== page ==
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G154(P) Transition of patients with sickle cell disease – how can we help? results of a survey of adolescents recently transferred to adult services
  1. N Chanchlani1,
  2. C Harewood2,
  3. U Hossain3,
  4. A Leigh1
  1. 1Department of Paediatrics, Whipps Cross Hospital, London, UK
  2. 2Wood Street Health Centre, North East London Foundation Trust, London, UK
  3. 3Department of Haematology, Barts Health NHS Trust, London, UK

Abstract

Background Recent reports suggest transition of young people with chronic diseases from paediatric to adult services is often untimely, ineffective, and poorly managed. Sickle cell disease (SCD) is typically diagnosed in childhood. Despite data reporting that rates of emergency admissions increase around the time of transition, few studies have reported experiences of patients undergoing transfer to adult services.

Aim We sought to survey adolescents with SCD who had recently transferred from paediatric to adult services in order to identify barriers to successful transition.

Methods Adolescents who had recently transferred from paediatric to adult services at a single site were identified. Patients were initially contacted by post with a letter and a copy of the validated Sickle Cell Disease Transition Questionnaire, assessing patients’ self-reported illness, functional skills, and disease management efficacy. Non-responders were followed up by a phone-call and voice message after one and two months.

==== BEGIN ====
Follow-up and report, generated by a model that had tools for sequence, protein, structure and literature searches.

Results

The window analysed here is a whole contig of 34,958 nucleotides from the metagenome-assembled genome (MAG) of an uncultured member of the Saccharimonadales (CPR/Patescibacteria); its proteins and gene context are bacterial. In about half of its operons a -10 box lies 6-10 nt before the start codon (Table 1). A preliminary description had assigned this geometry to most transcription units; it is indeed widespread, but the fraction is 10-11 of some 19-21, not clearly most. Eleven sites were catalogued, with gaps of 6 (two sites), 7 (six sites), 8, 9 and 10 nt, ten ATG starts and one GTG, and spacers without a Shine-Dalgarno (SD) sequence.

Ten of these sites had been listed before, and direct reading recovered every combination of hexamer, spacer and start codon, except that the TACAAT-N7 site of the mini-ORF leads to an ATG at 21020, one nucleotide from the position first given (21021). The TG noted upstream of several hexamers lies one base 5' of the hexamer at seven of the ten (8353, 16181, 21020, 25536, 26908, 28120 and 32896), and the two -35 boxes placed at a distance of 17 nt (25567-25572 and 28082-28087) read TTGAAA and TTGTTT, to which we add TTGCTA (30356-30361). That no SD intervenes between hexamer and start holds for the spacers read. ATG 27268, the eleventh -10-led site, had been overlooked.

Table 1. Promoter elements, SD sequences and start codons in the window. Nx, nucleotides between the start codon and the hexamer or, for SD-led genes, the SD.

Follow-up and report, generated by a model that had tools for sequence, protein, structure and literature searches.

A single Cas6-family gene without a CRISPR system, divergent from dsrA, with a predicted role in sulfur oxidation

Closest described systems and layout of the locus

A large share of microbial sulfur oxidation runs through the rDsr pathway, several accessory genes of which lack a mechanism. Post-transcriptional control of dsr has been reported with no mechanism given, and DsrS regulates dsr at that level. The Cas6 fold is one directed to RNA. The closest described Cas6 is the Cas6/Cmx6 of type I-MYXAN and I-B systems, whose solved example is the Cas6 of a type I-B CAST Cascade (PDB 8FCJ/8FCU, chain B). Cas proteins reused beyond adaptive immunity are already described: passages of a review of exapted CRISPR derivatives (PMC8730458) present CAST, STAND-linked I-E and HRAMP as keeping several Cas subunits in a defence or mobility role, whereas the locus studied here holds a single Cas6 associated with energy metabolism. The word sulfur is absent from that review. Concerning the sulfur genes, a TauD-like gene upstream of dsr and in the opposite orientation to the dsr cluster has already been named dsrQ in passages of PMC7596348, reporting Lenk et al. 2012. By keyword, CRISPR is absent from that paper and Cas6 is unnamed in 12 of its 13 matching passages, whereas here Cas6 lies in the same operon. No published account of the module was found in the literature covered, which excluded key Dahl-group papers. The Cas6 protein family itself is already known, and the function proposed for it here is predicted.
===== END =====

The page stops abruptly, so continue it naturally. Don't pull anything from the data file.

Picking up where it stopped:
Results Thirteen adolescents were identified; six (46%) completed surveys. One was not receiving medical care in an adult setting and excluded. Four (80%) were aware of their haemoglobin type. The most common concerns regarding transfer to an adult care programme included unclear expectations [n = 4], ineffective communication [n = 4], and fear of being in a new environment [n = 3]. All those surveyed agreed that a dedicated transition programme would be useful to their health needs, and would assist in transferring care [n = 5], providing support [n = 4], and providing an opportunity to meet other adults with sickle cell disease [n = 2]. Participants varied in self-reported illness experiences, but four (80%) reported independently managing acute sickle and non-sickle disease medical problems before calling the doctor, except if severely unwell.

Conclusion Recently transitioned SCD patients placed a high importance on quality of information during transition and cultural independence, in particular from parents, during the transition of care from paediatric to adult services. Prior to implementation of a transition clinic, surveying users can help inform doctors and nurses of what to prioritise and how to effectively communicate relevant information.

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